White House mistakenly refers to China’s leader as the president of Taiwan

White House mistakenly refers to China’s leader as the president of Taiwan

White House mistakenly refers to China’s leader as the president of Taiwan

The White House mistakenly referred to China’s leader Xi Jinping as Taiwan’s president just hours after Donald Trump spoke of his “wonderful relationship” with Mr. Xi.

The US leader spent 90 minutes discussing North Korea’s trade and nuclear threat with Mr. Xi at the G-20 summit in Hamburg, Germany.

A friendly agreement was reached with the head of the Communist Party, saying that it was “an honor to have him as a friend” before the long-awaited meeting.
But an official transcript of the occasion, published by the White House, referred to Xi as president of “The Republic of China,” which is the official name of Taiwan.

The mix was ridiculed by experts in China, who pointed out that Tsai Ing-wen, director of Taiwan, is a democratically elected woman and considers himself a political rival of Mr. Xi. Patrick Chovanec, a former professor at Tsinghua University in Beijing, said the mistakes of former President George Bush.

“I remember when the Bush administration announced the anthem, but it’s pretty bad,” he tweeted. The university referred to a diplomatic mess in 2007 when Mr. Bush’s team played Taiwan’s national anthem as the Chinese ambassador attended the opening ceremony of a China-funded stadium in Grenada in the Caribbean.

Chris Lu, who worked on the team of the White House team of former President Barack Obama tweeted, “Ay White House only refers to Xi Jinping as the leader of the Republic, China, which is Taiwan #AmateurHour.”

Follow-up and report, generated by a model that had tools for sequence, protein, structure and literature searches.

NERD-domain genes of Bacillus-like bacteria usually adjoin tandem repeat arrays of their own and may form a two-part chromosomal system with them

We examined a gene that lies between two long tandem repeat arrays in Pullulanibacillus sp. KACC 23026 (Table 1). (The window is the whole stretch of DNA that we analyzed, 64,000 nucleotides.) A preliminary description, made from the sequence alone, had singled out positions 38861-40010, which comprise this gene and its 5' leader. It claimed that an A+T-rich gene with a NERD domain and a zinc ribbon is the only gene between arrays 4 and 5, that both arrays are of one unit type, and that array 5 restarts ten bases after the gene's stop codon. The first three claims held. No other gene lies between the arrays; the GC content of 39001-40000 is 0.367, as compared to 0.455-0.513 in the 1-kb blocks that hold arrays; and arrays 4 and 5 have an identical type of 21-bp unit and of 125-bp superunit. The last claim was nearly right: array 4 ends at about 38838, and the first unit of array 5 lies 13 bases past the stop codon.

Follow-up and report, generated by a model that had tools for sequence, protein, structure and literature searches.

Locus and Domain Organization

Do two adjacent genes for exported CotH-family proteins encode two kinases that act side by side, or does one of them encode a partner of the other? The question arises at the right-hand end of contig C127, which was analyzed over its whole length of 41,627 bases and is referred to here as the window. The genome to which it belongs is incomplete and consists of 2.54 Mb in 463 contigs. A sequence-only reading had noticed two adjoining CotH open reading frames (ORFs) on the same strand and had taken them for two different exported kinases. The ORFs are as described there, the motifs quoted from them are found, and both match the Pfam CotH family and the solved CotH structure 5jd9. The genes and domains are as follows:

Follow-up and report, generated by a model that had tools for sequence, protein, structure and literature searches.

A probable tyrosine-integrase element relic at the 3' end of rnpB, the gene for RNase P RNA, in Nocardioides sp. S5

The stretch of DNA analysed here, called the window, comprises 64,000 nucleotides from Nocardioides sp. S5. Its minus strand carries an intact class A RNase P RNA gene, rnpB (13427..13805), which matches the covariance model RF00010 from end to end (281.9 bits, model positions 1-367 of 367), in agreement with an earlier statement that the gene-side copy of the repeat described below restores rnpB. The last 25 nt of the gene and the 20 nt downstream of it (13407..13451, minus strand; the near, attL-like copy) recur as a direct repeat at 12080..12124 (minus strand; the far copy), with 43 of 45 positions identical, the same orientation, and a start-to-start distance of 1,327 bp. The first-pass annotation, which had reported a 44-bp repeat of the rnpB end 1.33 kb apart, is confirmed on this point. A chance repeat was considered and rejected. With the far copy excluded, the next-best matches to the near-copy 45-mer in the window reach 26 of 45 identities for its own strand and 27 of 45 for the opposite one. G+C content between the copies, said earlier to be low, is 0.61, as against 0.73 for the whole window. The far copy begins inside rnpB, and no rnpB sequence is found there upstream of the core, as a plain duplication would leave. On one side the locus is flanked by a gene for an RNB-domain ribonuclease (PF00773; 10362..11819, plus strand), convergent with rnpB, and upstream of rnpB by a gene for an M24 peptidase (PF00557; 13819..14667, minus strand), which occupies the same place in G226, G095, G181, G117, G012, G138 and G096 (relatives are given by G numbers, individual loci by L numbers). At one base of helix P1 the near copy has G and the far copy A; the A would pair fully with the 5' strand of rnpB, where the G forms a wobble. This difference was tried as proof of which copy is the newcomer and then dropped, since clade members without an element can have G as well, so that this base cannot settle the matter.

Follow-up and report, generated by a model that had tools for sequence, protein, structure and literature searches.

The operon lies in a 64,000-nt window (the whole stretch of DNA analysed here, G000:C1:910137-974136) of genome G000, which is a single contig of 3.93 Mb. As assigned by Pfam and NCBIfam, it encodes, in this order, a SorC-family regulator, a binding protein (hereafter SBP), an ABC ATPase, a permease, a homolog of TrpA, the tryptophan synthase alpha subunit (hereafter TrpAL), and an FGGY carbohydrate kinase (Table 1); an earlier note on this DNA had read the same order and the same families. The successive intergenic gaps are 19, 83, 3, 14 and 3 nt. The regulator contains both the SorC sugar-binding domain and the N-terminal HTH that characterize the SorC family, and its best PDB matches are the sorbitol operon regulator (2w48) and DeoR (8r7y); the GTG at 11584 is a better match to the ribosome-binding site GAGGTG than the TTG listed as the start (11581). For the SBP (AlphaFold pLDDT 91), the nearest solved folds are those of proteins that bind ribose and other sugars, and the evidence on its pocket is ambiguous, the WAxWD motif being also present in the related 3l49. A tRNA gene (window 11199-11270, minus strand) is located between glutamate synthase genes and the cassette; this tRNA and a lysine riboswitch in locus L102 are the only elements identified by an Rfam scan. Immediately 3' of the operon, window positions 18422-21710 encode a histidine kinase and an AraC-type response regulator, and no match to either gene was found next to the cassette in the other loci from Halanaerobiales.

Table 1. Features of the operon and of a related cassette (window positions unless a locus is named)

The press secretary’s office Sean Spicer has published the official transcript, which quoted President Trump as China’s “important trading partner.”

It is not clear how the error could affect the relations between the two that have been forced sometimes since Mr.

Trump took over. Shortly after his inauguration, the United States leader has sought to provoke a potentially dangerous diplomatic sector with China after speaking with Taiwanese President Tsai Ing-Wen.

China says that Taiwan is its own territory and complained after Mr. Trump interrupted decades of diplomatic precedent. In December, the president said in an interview that he did not feel “forced” by China’s ten-year policy, unless the United States can not obtain concessions from China in trade and other fields.

Washington has strong unofficial relations with the island and provides weapons to protect against the threat of using the Beijing force to meet with it.

However, the couple appear to have repaired relationships after Mr. Xi has visited the American leader in the coastal town of Mar-a-Lago in Florida.

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